The swatch that matches your haircolor will more than likely have a code that the manufacturer uses to classify the shades available, and you may have to consult the package of
color to get the information you need. In some cases, the code is pretty easy to decipher. For instance, Clairol, tends to use an alpha-numeric code that has a numeral with one or two letters to signify the color
being represented. A “6N” would refer to the color being level 6, with neutral base color. Likewise, a “10GN” would be a level 10 with gold and neutral base colors.
Of course, nothing is ever simple and the classification system can sometimes breakdown, given that the haircolor industry has tried for decades to find a way to refer to certain
tones of color in pleasant and more-marketable ways. I’m referring to the Drab/Green color bases that are important and do occur naturally. I personally think that using the actual color name would be appropriate, but
often people see “green” in regard to hair and it frightens them. And I believe that the term “drab” fell out of favor because it sounds dull.
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Unfortunately, this means that we are left with a variety of tones of haircolor that are referred to in myriad ways and we have to figure out which of them are appropriate. The
“matching swatches” method helps if your hair is naturally of these shades and tones, since you can refer to the packaging of the color formula to get the terms the maker uses to define the colors.
When you are selecting a natural-looking highlight color you want the color to be 2 to 3 levels lighter than your starting color. This will allow you to add depth to the starting
color without having a glaring contrast between the two shades. It will also give you more control over the color you are introducing, since it will require less lifting action to create the highlighting effect.
So, take your starting color that you’ve determined from comparing the swatches to your hair and look for colors that are two or three steps lighter. If your starting point is 5,
look at level 7 and 8 colors, if it’s a 2, look at levels 4 and 5, etc. The differences won’t be dramatic, but they will be effective. And most importantly, they will give you more natural results.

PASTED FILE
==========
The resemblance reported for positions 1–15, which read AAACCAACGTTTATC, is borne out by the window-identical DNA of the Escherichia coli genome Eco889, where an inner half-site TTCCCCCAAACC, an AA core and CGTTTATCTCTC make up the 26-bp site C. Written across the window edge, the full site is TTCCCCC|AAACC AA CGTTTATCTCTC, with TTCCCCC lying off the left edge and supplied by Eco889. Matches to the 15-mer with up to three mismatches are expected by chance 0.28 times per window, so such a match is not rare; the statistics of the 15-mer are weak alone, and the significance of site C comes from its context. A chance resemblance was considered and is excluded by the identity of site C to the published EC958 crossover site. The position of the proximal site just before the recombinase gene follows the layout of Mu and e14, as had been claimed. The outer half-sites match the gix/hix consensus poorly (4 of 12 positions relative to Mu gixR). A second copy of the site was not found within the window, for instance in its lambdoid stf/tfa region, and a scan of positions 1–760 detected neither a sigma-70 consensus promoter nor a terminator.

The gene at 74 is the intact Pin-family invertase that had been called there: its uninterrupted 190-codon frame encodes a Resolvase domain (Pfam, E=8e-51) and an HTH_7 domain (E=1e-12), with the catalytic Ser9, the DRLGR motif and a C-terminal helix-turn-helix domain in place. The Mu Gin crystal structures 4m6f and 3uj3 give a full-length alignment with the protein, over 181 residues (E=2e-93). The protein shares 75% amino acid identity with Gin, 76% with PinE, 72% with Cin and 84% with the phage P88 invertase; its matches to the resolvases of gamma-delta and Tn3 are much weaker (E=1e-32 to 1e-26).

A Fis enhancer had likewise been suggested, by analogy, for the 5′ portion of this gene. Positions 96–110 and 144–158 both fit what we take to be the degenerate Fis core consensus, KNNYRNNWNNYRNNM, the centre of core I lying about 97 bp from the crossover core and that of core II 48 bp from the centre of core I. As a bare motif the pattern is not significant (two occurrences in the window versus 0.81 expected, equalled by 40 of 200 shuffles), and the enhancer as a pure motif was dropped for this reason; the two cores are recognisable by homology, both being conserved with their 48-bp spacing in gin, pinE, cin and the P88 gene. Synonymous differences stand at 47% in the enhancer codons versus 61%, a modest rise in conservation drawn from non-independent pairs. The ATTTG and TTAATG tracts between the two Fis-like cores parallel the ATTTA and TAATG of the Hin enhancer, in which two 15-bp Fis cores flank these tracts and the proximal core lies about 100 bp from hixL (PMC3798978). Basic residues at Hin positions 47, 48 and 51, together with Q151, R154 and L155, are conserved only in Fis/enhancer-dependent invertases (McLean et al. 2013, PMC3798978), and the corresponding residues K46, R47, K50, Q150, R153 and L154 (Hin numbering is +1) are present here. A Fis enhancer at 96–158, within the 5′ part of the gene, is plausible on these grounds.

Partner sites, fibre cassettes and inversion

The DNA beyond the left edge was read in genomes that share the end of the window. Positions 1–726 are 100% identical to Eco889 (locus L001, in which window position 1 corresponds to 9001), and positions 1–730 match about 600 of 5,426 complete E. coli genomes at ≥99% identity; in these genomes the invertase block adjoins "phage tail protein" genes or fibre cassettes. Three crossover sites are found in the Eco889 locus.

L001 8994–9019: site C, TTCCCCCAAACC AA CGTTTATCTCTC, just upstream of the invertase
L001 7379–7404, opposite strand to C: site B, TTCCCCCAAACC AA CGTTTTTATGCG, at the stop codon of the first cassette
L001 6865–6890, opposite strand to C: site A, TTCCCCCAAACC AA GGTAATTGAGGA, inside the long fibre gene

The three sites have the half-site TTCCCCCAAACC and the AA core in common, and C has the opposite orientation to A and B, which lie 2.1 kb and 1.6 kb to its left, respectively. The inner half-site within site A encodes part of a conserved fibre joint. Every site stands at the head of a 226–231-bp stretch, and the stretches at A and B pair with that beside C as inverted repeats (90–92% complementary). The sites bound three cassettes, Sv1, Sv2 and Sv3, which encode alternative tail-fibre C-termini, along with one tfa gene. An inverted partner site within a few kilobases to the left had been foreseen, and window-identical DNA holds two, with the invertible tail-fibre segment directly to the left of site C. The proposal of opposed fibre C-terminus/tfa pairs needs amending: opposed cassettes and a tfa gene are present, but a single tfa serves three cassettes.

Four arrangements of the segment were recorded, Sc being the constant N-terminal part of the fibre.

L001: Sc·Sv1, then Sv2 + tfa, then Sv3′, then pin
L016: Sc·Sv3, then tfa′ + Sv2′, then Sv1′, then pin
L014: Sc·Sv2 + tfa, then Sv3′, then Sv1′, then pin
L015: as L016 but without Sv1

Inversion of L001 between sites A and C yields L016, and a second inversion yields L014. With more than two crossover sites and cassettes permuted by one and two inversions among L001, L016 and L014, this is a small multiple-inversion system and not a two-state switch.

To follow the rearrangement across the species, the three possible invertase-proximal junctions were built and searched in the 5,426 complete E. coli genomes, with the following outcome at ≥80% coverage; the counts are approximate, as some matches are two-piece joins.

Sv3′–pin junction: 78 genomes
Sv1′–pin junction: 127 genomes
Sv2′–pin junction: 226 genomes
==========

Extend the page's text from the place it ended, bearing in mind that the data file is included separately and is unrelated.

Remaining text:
Now that you have the levels you need, look at the shades that use the same base color as in your starting color. This gets tricky, since you want to have a compatible color but
you don’t want to over-do it. If the color you start with and the color you want to use as a highlight both have a red base, think about how “bright” the highlight color is. Is the highlight color a brighter red than
you are comfortable with? If the tone of the color is more vibrant than your starting color, it may be that the color has more of the base color in it and could mean that the color results would be redder than you
want. So keep the tone of the highlight color slightly subdued.
Now, you will also find in the mix of colors those who have “neutral” color bases. These are generally safe to use with any starting color. The place where you’ll find trouble in
using neutrals is in lightening a color with a strong base so much that the base color starts showing through. Neutrals won’t usually help to mitigate such results very much. But since we aren’t planning to do a lot
of color-lift in these highlights we should be pretty safe. You can read more on color conflicts and correction here.
Once we’ve found our highlighting color, the next thing to address is the way in which the highlights are applied. If you have shorter, wavy/curly hair, you can feel free to use a
cap for the highlighting process. With longer hair or straight hair types, the foil method works better. (Read more about foil highlighting here.)
Whichever method you go with, you need to think about the balance of the overall look before you start. If your hair is really thick and full, you’ll need to use thicker slices of
highlights. If your hair is very curly and falls naturally into coils and ringlets, keep the ringlets in mind as you pull the hair though a cap or slice it for highlighting with foils. (Avoid making slices so thick
that you create single color ringlets.)
And of course, with straight or mildly wavy hair, you can always opt for a balayage application. Simply brush the hair smooth and paint your highlights on to the hair as you see fit.
The results will be more subtle, and you generally focus on the forward edge of the hair around the face, but the effect can be flattering and can look extremely natural.